No matter the level, a special three-step etch process to form gaps with narrow top openings is the key to this process (see figure). “We etch a narrow channel down so it will cap off, then deliberately damage the dielectric and etch it so it looks like a balloon,” he explained. “You have a big gap with a drop in capacitance and then a small slot that gets pinched off.”

Starting with dual-damascene copper lines/vias and SiCOH single-phase dielectric, the essential IBM airgap process flow is as follows:

1) Deposit hardmask;
2) Spin-coat an imaging layer; either special new diblock polymer or standard photoresist;
3) Create holes using either the self-assembly properties of the diblock or standard lithography;
4) Block out circuit areas to not be etched using non-critical photolithography;
5) Transfer holes from the imaging layer to the hardmask;
6) Etch three-step sequence—first an anisotropic RIE to form deep openings into SiCOH, then plasma damage of the column sidewalls, then isotropic wet etch to remove most of the remaining SiCOH underneath the hardmask;
7) Strip hardmask; and
8) PECVD of the next SiCOH dielectric level to cap the gaps with a classic “pinch-off” shape.

Since the self-assembling mask layer is not aligned to the underlying interconnect structures, and since the block-out mask is “non-critical” to save costs, the hardmask will inevitably expose the tops and sides of some metal lines to RIE. Consequently, the SiCOH etch chemistry needs to have excellent selectivity so as to not attack copper and any metallic barrier layers. Edelstein says that they’ve been able to work with standard gas precursors for this critical RIE step.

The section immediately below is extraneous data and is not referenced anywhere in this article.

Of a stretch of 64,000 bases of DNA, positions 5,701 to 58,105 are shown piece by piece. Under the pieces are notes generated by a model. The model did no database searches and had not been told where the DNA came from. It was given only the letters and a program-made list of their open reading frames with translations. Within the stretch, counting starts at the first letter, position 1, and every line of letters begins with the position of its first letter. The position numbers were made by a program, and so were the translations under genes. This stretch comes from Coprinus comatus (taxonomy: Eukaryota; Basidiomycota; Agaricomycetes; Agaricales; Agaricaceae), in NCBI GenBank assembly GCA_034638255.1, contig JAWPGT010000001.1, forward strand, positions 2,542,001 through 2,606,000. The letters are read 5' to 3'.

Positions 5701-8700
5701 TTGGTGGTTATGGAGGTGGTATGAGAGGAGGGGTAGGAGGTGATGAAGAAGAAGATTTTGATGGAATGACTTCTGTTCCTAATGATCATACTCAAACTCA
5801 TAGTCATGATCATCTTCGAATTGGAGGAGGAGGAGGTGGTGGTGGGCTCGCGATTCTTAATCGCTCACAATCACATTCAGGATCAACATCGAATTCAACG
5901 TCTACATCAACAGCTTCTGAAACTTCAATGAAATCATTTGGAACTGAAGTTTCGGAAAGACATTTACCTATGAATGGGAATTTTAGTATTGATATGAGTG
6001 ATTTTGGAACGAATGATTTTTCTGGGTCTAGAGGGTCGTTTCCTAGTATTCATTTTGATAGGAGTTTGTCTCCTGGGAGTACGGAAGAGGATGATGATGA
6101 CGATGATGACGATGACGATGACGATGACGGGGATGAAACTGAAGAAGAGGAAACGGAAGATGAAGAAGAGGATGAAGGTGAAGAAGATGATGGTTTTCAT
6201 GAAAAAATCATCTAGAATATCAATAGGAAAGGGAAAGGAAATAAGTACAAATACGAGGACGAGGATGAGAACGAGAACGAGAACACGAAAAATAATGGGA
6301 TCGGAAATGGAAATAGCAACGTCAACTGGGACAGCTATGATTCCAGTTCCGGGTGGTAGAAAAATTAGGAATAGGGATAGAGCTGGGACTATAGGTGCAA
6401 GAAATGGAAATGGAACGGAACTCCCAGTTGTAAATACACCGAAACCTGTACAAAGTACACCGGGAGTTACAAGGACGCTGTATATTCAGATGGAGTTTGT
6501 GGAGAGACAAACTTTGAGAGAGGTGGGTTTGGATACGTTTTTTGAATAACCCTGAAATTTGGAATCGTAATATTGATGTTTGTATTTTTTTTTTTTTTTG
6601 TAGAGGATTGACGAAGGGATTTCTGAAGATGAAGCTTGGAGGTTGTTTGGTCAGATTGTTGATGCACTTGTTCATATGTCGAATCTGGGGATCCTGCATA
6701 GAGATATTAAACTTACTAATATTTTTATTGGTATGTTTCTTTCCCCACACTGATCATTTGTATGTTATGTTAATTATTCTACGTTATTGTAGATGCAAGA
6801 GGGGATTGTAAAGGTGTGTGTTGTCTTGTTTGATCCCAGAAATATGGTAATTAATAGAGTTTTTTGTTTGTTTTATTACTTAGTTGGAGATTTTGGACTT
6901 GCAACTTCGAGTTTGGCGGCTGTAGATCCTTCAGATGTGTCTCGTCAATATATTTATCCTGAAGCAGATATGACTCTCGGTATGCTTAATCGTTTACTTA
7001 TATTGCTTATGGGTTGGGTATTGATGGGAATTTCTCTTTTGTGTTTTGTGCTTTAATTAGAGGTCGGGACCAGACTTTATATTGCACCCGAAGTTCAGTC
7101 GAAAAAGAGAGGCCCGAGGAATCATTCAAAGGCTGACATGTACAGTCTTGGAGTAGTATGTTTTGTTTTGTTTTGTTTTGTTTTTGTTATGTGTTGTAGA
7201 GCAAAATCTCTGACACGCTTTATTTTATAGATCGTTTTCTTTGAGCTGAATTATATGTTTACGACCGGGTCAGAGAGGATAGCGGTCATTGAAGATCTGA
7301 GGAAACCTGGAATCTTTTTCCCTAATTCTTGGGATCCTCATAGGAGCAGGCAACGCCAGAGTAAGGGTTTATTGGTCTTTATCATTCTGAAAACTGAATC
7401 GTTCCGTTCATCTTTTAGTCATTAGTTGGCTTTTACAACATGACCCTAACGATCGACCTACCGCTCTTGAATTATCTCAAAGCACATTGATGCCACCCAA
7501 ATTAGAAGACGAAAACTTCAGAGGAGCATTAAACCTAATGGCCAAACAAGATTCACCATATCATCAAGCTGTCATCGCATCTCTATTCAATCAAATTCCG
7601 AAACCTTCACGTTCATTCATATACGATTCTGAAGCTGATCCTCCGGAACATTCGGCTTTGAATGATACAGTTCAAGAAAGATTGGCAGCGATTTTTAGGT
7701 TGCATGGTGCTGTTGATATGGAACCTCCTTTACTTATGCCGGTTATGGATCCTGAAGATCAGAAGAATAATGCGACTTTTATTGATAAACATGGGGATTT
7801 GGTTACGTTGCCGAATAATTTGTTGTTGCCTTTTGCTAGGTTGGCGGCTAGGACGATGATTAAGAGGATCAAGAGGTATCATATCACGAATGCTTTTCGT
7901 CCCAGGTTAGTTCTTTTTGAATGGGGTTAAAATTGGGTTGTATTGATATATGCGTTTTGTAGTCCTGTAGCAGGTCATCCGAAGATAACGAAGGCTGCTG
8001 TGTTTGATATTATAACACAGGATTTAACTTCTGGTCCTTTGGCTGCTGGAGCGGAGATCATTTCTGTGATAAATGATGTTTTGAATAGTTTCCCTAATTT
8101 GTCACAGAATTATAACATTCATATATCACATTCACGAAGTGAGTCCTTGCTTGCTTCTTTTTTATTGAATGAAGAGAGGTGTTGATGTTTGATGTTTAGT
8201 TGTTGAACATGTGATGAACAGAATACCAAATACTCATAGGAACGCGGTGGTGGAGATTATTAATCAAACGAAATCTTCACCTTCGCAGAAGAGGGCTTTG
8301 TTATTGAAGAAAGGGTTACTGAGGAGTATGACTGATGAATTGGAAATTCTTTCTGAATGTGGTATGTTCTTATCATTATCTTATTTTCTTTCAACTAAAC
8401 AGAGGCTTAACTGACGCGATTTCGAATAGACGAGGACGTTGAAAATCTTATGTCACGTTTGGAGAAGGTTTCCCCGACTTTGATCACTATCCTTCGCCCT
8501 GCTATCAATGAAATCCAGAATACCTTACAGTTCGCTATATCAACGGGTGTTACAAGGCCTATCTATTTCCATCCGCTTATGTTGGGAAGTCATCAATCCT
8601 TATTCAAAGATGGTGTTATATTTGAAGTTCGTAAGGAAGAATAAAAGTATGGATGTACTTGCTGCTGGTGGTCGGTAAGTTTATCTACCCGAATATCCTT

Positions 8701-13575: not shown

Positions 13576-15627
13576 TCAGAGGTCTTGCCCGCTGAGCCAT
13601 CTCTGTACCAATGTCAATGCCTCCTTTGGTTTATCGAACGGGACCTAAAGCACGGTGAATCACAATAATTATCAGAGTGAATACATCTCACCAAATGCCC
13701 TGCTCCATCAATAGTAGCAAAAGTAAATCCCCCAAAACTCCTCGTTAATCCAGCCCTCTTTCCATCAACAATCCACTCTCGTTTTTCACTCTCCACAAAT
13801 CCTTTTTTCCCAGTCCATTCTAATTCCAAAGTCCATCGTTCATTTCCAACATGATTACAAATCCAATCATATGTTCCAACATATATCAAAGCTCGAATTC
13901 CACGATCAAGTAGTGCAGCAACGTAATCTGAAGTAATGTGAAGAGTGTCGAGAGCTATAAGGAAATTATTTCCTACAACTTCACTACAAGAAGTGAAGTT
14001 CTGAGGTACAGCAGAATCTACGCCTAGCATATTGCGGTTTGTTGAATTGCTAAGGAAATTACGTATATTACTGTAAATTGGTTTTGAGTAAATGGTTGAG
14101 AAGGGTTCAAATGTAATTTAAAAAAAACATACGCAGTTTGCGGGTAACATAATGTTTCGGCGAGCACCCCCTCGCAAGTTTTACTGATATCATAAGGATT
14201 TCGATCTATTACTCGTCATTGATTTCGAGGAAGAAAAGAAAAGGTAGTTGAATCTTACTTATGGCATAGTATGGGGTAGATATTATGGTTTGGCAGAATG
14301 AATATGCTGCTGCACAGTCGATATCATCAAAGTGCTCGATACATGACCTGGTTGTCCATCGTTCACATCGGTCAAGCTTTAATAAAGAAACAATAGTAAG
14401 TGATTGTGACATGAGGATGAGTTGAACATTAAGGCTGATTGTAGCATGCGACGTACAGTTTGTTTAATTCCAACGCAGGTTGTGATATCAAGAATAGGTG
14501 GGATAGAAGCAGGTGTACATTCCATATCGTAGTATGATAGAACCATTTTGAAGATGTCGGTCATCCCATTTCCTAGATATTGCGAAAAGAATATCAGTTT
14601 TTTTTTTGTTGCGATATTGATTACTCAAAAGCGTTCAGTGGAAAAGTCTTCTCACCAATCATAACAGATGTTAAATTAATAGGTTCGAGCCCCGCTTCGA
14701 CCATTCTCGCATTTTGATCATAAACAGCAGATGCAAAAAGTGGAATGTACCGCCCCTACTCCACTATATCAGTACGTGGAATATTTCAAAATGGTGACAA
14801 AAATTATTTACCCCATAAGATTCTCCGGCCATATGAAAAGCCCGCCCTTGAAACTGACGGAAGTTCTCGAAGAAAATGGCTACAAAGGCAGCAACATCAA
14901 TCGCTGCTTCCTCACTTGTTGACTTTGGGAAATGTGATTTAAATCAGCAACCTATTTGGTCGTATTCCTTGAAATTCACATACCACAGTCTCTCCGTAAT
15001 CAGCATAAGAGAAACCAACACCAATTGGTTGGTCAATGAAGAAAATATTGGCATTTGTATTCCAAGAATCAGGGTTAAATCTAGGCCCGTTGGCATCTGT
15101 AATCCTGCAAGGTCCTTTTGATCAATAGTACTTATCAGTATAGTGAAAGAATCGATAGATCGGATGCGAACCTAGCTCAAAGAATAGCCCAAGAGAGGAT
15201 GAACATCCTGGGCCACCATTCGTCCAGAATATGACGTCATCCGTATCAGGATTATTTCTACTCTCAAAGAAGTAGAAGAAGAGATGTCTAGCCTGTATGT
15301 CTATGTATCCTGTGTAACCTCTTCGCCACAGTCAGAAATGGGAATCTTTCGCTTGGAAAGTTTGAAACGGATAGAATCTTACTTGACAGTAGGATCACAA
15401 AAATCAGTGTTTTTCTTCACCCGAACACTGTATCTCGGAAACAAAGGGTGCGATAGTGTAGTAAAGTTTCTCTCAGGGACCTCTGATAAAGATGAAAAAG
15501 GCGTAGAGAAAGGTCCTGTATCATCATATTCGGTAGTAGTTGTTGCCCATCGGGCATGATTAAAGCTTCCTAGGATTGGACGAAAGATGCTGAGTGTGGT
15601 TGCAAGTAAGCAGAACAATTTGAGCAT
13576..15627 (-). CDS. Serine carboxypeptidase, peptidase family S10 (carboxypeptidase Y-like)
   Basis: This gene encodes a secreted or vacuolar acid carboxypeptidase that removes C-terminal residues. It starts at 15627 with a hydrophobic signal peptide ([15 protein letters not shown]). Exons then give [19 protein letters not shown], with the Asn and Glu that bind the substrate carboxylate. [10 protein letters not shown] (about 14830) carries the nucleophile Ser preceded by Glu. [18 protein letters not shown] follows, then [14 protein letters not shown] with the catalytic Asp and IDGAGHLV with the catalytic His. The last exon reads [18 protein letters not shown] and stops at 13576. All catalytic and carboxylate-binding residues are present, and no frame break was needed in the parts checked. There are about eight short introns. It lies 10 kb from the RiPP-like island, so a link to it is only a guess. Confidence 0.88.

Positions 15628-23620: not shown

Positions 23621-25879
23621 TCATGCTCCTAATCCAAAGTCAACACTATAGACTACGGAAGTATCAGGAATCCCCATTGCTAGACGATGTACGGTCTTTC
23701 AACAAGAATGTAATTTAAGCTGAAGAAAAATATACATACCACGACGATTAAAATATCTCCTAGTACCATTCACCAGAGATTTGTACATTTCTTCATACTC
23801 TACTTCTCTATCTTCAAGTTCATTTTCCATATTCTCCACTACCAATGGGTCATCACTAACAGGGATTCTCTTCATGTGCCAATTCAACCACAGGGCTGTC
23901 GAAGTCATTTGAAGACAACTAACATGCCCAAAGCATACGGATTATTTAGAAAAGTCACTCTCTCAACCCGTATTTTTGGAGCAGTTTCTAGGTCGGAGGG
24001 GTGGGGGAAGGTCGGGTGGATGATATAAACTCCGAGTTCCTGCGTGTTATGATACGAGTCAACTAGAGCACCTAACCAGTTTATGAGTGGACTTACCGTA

The new airgap process is an optional loop off of the standard flow, so designers can choose to use airgaps at any of the levels in the on-chip interconnect hierarchy—and IBM also has developed an automated algorithm for making the block-out mask. “As a customer you can turn on the air-gap option for any level on any chip. We can put the gaps in independent of any incoming design,” Edelstein told WaferNEWS. The ability to add air-gaps as a “drop-in” to an existing on-chip interconnect process flow minimizes risks, and explains the company’s confidence that this flow will be used in manufacturing by 2009.

While the diblock polymer is only one part of this airgap process, it is a significant addition. Chemists at IBM Almaden Research reportedly developed this material for broad applications in fabs—it’s like a standard photoresist in terms of handling and dispensing, it has a wide process window, and IBM has detected no shelf-life problems for up to one year.

Using self-assembly in coordination with lithography opens up new possibilities in general for integrated process flows, so look for news of additional applications in coming years. “We hope that we can use directed self-assembly to get to other device features,” said Edelstein. “This is just the tip of the iceberg.”

— E.K.

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070504: IBM add airgaps for faster chips

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Ed's Threads is the weekly web-log of SST Sr. Technical Editor Ed Korczynski's musings on the topics of semiconductor manufacturing technology and business. Ed received a degree in materials science and engineering from MIT in 1984, and after process development and integration work in fabs, he held applications, marketing, and business development roles at OEMs. Ed won editorial awards from ASBPE, including interviews with Gordon Moore and Jim Morgan, and is not lacking for opinions.